Recently I’ve been under the writing spell. Ever since I was a kid I’ve found that sometimes the words flow, slipping and sliding around the subject, little crests of humour, langorous descriptions my English teacher would’ve been proud of, and other times I can barely eek out a sentence. I like writing because, in part, it’s therapeutic. My usual pattern is to write, leave it for an indeterminate amount of time (hours, days, months, years…) then go back, re-read, edit and publish. So when I write about stuff that I’m processing in my head, the process of writing helps organise my thoughts as much as that of editing helps organise the words. This is one of those times (probably the first of several). Hopefully it isn’t too self-indulgent and is something that you can relate to too.
I’ve been thinking a lot about how I deal with difficult and stressful things. Would I not be depressed if I was better at it? Are there ways to improve how I deal with them? How can I make that happen? How do I even deal with them now? What does it all mean?! (Joke – if there is one thing that I don’t suffer from it’s existential crises).
Since leaving conventional office-based work (eight years ago!), I’ve realised that simple is best – I neither attract nor get involved in drama, my relationships with my friends, family and partners are healthy. I’m lucky enough in my career that I don’t have to work for people I don’t like (this may not always be the most financially astute decision, but some people are just not very nice and I’d rather eat supermarket value vegetables than do great work for someone who’s a bitch). I even keep my training and food simple – if you were to analyse my meals over the week I think you’d find that about 65% of them were identical.
Someone recently asked when I was going to stop biting my nails and I explained, very logically and clearly, that I just didn’t have the mental capacity to deal with doing that right now. That there was only a finite amount of room in my head for handling what life throws at me, and that not chewing my fingers wasn’t very high up the list of priorities. I couldn’t (wouldn’t?) make it fit at this moment.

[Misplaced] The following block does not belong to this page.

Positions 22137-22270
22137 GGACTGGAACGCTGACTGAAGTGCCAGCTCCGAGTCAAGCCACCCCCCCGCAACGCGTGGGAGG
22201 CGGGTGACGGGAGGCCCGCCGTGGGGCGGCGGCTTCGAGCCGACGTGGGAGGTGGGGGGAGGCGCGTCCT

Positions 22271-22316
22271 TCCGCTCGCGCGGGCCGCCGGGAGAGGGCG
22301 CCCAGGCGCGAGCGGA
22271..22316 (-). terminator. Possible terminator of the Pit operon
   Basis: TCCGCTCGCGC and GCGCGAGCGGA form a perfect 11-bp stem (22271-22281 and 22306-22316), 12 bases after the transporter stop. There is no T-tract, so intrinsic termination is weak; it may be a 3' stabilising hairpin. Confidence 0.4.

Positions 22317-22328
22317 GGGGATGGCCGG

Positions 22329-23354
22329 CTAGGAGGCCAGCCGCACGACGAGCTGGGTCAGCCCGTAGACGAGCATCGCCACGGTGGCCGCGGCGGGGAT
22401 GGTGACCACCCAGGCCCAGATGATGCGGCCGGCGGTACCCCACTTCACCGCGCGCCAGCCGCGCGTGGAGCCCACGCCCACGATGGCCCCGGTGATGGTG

Life is… not like a box of chocolates – I mean, who the hell can find a photo of a box of chocolates with a cat near it, let alone in it? It’d have eaten the damn things! So a jar it is. I have the bits of my life in a jar, and they all fit nicely together. When it’s good, I’m chilling, like the kitty above, napping in the sunshine.
Shit got a bit harder as I got older, collecting all kinds of crap that I never needed nor wanted, but after big events had died down – getting a new job or a relationship breakdown, say – I’d have an organise, chuck them out and make room for the next thing to come along.
Recently, though, however much of a control freak I’d been about guarding my precious jar, life threw a bunch of things at me and there wasn’t a damn thing I could do about it. So the cosy little nest of nice house, good job and all the rest of it suddenly found itself coexisting with a bunch of other stuff that really doesn’t play well with others. Getting the flat and living in a building site, ending a relationship with someone I care about deeply, living on my own for the first time in nearly a decade, not having enough work and not having any money to do anything fun, and being stuck alone with all the crazy thoughts in my head.
And each of those things came with other things, like a bunch of Gremlins and an imp with a water pistol. Living out of boxes, no heating, having to use the push-button showers, not having work and stressing about whether I could pay my mortgage, having to be careful about electricity usage, getting more work then suddenly not having time to put into finding a bathroom. Feeling anxious about dating but not seeing enough of my friends to get the sanity check and support that I needed. Plus when I’m stressed I’m just not a great person to be around – I have no positivity to give others, something which is really a priority for me, no conversational skills and pretty much want to be left alone. Then all of a sudden I was so miserable that even the thought of going out in rush hours freaked me out and all I wanted to do is sit under a duvet, watching Netflix.
So what’s a girl to do? Smashing the jar isn’t a good idea, that’s for sure. So I guess I’m on the journey of having a careful and thorough examination of what’s in my jar, ejecting some of it and, with the help of CBT and effort, remoulding things to tesselate more effectively.
Of course the actual jar is only part of the story – how I handle what’s in it, my control-freakery towards it, and my treatment of myself is another chapter entirely. So whilst I usually like to finish up with a paragraph or two of something positive, affirmative and, well, fluffy like this cat, I can’t. That’s for another time.